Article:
Sunday, November 30, 2014

Opposition's consultations delay S. Sudan talks | Africa | Worldbulletin News

Opposition's consultations delay S. Sudan talks

The opposition had to hold its consultations in Pagak, an entry point on the border with Ethiopia.

World Bulletin/News Desk
Consultations being held within the ranks of South Sudan's rebel group have caused the delay of the resumption of Addis Ababa-hosted peace talks, which were supposed to reconvene on Friday, a source with the mediating team said Sunday.
“The deadline could not be met as [rebel group] Sudan People's Liberation Movement-in-Opposition (SPLM-IO) could not conclude its consultations in time,” a source close to the Intergovernmental Authority on Development (IGAD), which is mediating the peace process, told The Anadolu Agency on Sunday.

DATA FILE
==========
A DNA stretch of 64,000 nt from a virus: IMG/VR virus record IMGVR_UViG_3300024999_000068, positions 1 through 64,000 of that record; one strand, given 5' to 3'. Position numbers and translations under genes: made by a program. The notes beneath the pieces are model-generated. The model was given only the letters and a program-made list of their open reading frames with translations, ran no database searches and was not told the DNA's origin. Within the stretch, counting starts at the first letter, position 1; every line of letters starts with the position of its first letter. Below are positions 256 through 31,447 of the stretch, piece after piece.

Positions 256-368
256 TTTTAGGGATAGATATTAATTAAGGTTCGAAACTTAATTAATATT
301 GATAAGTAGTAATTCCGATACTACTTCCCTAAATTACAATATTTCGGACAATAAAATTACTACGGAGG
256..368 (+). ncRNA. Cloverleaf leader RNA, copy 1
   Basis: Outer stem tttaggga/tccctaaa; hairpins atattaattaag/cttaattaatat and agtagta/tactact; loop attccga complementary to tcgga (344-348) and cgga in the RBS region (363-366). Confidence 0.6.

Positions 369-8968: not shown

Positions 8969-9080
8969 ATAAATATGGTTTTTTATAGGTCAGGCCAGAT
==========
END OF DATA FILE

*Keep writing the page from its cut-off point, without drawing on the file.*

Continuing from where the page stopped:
"They had logistic difficulty moving around constituencies in the three states of Jonglei, Upper Nile and Unity to bring together community representatives for the consultations," the source said.
"The government delegation has already concluded its consultations and is ready for the resumption of talks," he said. "I hope the opposition will conclude consultations…and the meeting will reconvene very soon."
According to the source, the opposition had to hold its consultations in Pagak, an entry point on the border with Ethiopia.
South Sudan's government and the rebel group led by former vice president Riek Machar signed a detailed timetable to implement a cessation-of-hostilities agreement and an implementation matrix during an IGAD summit held in Addis Ababa earlier this month.